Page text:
near half integer working tunes since May 2003.
The right figure shows a typical current LER
optics characteristics --- beta beat is small,
linear coupling is fine, IP tilt angle is fine.
12
Future Plan (FY 2004, 2005)
  • Design lattices with lower momentum compaction
    factor to reduce bunch length for PEP-II to
    improve luminosity. Start to consider lattices
    for the next generation colliders.
  • Continue the MIA work to improve the machine
    optics for the PEP-II and implement vertical
    dispersion as additional fitting data and reduce
    it in the machine
  • Simulate the beam-beam luminosity and lifetime in
    a self-consistent way and study the beam-beam
    effects such as flip-flop, saw-tooth phenomenon
    at extreme beam intensity

13
Collective Effects Group
  • Sam Heifets
  • Sam Krinsky
  • Boaz Nash
  • Bob Warnock
  • Gennady Stupakov
  • Karl Bane
  • Alex Chao
  • Paul Emma
  • Zhirong Huang

Breakout session Accelerator Beam Dynamics by
G. Stupakov Thursday June 3, 2004 200PM
14
Recent and current topics of research
Collective Effects Group
  • Broad expertise in many areas lattice design,
    collective effects, electron cloud, beam-beam
    interaction, FEL physics.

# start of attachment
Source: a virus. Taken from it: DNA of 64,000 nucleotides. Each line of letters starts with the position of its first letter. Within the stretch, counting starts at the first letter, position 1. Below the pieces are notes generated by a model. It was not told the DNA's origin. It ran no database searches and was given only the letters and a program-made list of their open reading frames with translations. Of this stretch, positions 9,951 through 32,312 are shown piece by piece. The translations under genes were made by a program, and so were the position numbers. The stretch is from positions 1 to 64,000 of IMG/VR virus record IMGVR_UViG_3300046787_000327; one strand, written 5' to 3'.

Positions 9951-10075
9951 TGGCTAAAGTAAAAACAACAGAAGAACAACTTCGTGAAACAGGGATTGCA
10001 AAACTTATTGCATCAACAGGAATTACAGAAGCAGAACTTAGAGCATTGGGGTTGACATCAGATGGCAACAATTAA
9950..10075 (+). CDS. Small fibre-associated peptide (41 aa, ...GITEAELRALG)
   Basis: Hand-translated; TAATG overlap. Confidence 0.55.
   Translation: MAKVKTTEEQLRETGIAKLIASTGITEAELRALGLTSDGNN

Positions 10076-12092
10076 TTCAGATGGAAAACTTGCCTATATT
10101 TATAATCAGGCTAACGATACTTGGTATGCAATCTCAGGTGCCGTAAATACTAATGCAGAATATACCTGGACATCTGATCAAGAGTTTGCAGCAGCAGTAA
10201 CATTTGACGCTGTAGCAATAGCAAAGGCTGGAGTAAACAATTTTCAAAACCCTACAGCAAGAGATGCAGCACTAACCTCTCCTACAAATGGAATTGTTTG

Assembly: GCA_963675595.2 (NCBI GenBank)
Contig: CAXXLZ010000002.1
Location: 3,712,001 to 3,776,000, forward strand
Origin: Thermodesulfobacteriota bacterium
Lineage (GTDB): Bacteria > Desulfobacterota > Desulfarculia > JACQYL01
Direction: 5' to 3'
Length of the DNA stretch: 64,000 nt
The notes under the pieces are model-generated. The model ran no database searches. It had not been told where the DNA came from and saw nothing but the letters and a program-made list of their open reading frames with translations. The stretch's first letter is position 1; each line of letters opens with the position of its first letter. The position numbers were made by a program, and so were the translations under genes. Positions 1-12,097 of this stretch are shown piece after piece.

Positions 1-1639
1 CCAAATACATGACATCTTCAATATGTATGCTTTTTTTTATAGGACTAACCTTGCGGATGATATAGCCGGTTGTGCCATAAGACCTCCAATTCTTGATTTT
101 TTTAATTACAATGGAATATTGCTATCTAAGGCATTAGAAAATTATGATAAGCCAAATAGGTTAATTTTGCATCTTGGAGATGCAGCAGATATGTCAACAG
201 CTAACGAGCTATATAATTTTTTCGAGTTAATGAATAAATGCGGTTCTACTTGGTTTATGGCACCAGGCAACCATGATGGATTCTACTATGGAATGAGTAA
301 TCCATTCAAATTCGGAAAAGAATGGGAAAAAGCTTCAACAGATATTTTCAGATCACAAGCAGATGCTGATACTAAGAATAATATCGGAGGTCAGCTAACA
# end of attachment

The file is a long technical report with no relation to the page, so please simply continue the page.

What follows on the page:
• Support of all major projects in the lab PEP-II,
    NLC, LCLS.
  • Generation of short X-ray pulses in LCLS
  • Laser heater for LCLS
  • Dark currents in NLC structures
  • MIA analysis
  • Simulation of beam-beam interaction for PEP-II
  • Electron cloud effects in PEP-II

15
Linac Coherent Light Source (LCLS)
  • 4th-Generation X-ray SASE FEL Based on SLAC Linac
  • 14-GeV electrons
  • 1.2-mm emittance
  • 200-fsec FWHM pulse
  • 2?1033 peak brightness

There is a strong interest from future users in
shorter pulses of X-rays.
P. Emma, M. Cornacchia, K. Bane, Z. Huang, H.
Schlarb (DESY), G. Stupakov, D. Walz, PRL, vol.
92, 2004.
16
Exploit Position-Time Correlation on e- bunch at
Chicane Center
0.1 mm (300 fs) rms
50 mm
Access to time coordinate along bunch
x, horizontal pos. (mm)
2.6 mm rms
z, longitudinal position (mm)
LCLS BC2 bunch compressor chicane (similar in
other machines)
17
Add thin slotted foil in center of chicane. The
foil spoils emittance of the beam passing
through it.
y
e-
2Dx
x ? DE/E ? t
2Dx250 mm
15-mm thick Be foil
18
Track 200k macro-particles through entire LCLS up
to 14.3 GeV
200 fs
DE/E
19
z ? 60 m
Genesis 1.3 FEL code
x-ray Power
2 fs FWHM
20
Advanced Beam Concepts Group